Heard the one about the yoga teacher who’s tired and wired?
Whilst chatting with a friend after our morning run, I burst into tears, out of the blue. I joked that I was just tired and emotional. Surprised? I shouldn’t have been. Yoga teachers get stressed too.
Those tears were a sign that I’d not been giving enough time to myself. On top of this I’d been finding it harder to wind-down without guilt, as there always seemed to be more ‘to-do’.
Yoga teachers who teach full-time will most likely have been there at one time or another and relate. I’ve found this to be a recurring theme and it’s not so strange when you think about it – we give a lot of our energy to others whilst teaching and if we don’t take enough time to replenish then it is only a matter of time before a slump comes. It’s the same for any of us in a life or work situation where we give a lot of ourselves. We all need to recharge. And it’s not selfish. Filling up our own cup enables us to give our best to the people, work and causes we care most about.
“You need a holiday,” was my friend’s advice. I knew a holiday anytime soon was not on the cards, but when I got home I did what I could in that moment – I lay down for twenty minutes. Yep, that’s right, Savasana, plain and simple. And you know what? I felt a lot better for it – no longer tired or emotional, my perspective had shifted. “I should do this more”. While I make an effort to get on my yoga mat each day, I admittedly don’t take Savasana every day. Why not when it has the capacity to make such a difference? Last month I wrote about slowing down and I find myself still thinking about that this month off the back of a busy, albeit exciting period. So, I’ve decided to embark on 365 days of Savasana – the easiest pose to do, yet the hardest to master. Everybody (yoga teachers included!) needs more Savasana in their lives. If you’d like to join me then come on over to www.ucanyoga.co.uk and click on the 365 Savasana tab. I’d love to have some company on the journey. Let’s see what we learn about ourselves on the way.
This article was originally published in the September 2014 issue OM Yoga Magazine. You can read a selection of my past columns and a FREE preview of the current issue of the magazine by clicking here. And find out more about the 365 Savasana Project here.
No matter how old I get, September is always associated with ‘Back to School’. The move into Autumn symbolises a time when many of us feel we need to get our heads down and get back to work after the summer. And before we know it, our daily calendars are full to bursting (if they weren’t already, that is).
I have an admission. I don’t like being busy. I like to be productive, to be effective and actually get things done. But, busy? To me, it’s overrated. I’ve increasingly noticed that whenever I say that I am busy the response is usually “that’s good”. And for a long time that was my response too. But why is that?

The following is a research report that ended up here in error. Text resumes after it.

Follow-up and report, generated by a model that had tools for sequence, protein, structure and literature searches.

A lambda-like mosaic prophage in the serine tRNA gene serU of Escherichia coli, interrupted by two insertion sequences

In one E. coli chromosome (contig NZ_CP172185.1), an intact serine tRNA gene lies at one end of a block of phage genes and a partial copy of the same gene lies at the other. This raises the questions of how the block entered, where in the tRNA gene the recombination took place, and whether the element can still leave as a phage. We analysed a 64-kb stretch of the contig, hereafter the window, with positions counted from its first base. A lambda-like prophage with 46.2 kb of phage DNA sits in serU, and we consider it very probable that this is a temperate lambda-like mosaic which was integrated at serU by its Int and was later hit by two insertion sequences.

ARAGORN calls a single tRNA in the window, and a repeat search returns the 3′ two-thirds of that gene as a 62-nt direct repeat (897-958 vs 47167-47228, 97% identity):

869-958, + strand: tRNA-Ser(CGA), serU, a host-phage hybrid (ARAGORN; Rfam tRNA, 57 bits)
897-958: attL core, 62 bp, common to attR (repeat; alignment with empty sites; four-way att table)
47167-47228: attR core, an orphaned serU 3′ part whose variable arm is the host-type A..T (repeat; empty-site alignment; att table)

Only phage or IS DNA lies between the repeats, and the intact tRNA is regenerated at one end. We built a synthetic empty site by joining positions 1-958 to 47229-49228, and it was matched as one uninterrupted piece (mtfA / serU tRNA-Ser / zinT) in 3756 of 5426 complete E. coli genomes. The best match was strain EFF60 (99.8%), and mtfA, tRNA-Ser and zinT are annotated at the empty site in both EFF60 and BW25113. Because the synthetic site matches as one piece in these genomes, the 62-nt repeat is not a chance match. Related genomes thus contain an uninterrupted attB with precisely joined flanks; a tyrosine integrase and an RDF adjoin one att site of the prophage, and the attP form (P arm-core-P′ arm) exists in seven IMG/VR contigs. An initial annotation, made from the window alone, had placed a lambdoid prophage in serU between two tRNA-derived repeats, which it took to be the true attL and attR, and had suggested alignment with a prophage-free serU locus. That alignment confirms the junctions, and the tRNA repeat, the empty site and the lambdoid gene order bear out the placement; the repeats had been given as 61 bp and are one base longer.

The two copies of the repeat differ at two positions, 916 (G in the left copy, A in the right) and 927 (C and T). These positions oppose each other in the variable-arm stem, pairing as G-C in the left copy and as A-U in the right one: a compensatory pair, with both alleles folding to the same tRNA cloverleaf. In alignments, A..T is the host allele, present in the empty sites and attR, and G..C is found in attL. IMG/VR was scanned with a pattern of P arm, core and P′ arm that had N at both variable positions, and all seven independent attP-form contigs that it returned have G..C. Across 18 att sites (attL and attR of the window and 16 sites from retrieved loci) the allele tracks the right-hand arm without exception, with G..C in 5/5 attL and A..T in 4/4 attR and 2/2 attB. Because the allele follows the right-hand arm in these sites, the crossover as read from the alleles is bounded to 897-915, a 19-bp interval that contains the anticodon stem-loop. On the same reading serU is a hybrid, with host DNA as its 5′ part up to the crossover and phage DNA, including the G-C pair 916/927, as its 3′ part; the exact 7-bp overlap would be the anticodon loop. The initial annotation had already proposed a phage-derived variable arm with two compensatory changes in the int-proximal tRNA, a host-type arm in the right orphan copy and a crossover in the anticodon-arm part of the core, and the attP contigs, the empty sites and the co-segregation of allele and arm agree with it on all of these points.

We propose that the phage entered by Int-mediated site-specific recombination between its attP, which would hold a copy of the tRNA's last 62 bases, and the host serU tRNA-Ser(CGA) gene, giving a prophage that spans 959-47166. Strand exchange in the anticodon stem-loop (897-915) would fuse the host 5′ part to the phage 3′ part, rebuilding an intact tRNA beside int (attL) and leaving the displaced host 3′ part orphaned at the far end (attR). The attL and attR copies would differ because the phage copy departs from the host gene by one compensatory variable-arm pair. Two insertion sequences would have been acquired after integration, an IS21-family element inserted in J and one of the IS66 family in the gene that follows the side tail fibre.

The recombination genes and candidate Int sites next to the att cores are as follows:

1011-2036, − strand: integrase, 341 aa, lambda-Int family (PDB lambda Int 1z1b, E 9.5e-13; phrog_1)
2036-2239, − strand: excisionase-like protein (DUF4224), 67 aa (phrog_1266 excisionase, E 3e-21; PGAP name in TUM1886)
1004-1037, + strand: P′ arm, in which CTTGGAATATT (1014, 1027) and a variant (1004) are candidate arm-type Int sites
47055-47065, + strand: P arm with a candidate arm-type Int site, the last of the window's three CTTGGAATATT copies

We have more time-saving technology and services at our fingertips than at any other time in history, yet we all seem to be busier than ever. Some of us wear our Busyness like a badge of honour. But is there a problem here? Are we confusing busyness with effectiveness?
Yoga teachers are certainly not immune from this. In London, where I live and work I see exhausted, scheduled to the hilt yoga teachers regularly. And I have fallen into this routine before too. For every class or client you guide through their yoga practice, you are giving your energy. So, there’s no surprise really that if you don’t take steps to replenish, it’s just a matter of time until you’ll burn out. However you spend your days, whether you teach yoga, work in an office, are a stay-a-home parent or anything and everything in-between, we can all work to burnout. But whom is that serving? From the point of view of teaching yoga, it’s tough to give your best in this state.
The busier we are, the less time we have. Time is arguably our most valuable commodity and it’s irreplaceable. It’s a significant thing to lose.
I think it’s time to stop worshipping at the altar of busy. Being busy for busyness sake or to attain more ‘stuff’ isn’t all its cracked up to be. What if we took another look and scrutinised what we are actually busy with? Try it and you might find there are things you can take off your to-do lists and lighten your mood and improve your wellbeing at the same time. Give it a go and notice the relief this brings.
This was originally published in OM Yoga Magazine. You can read a selection of my past columns and a FREE preview of the current issue of the magazine by clicking here.
Click here to learn more about the 365 Savasana Project.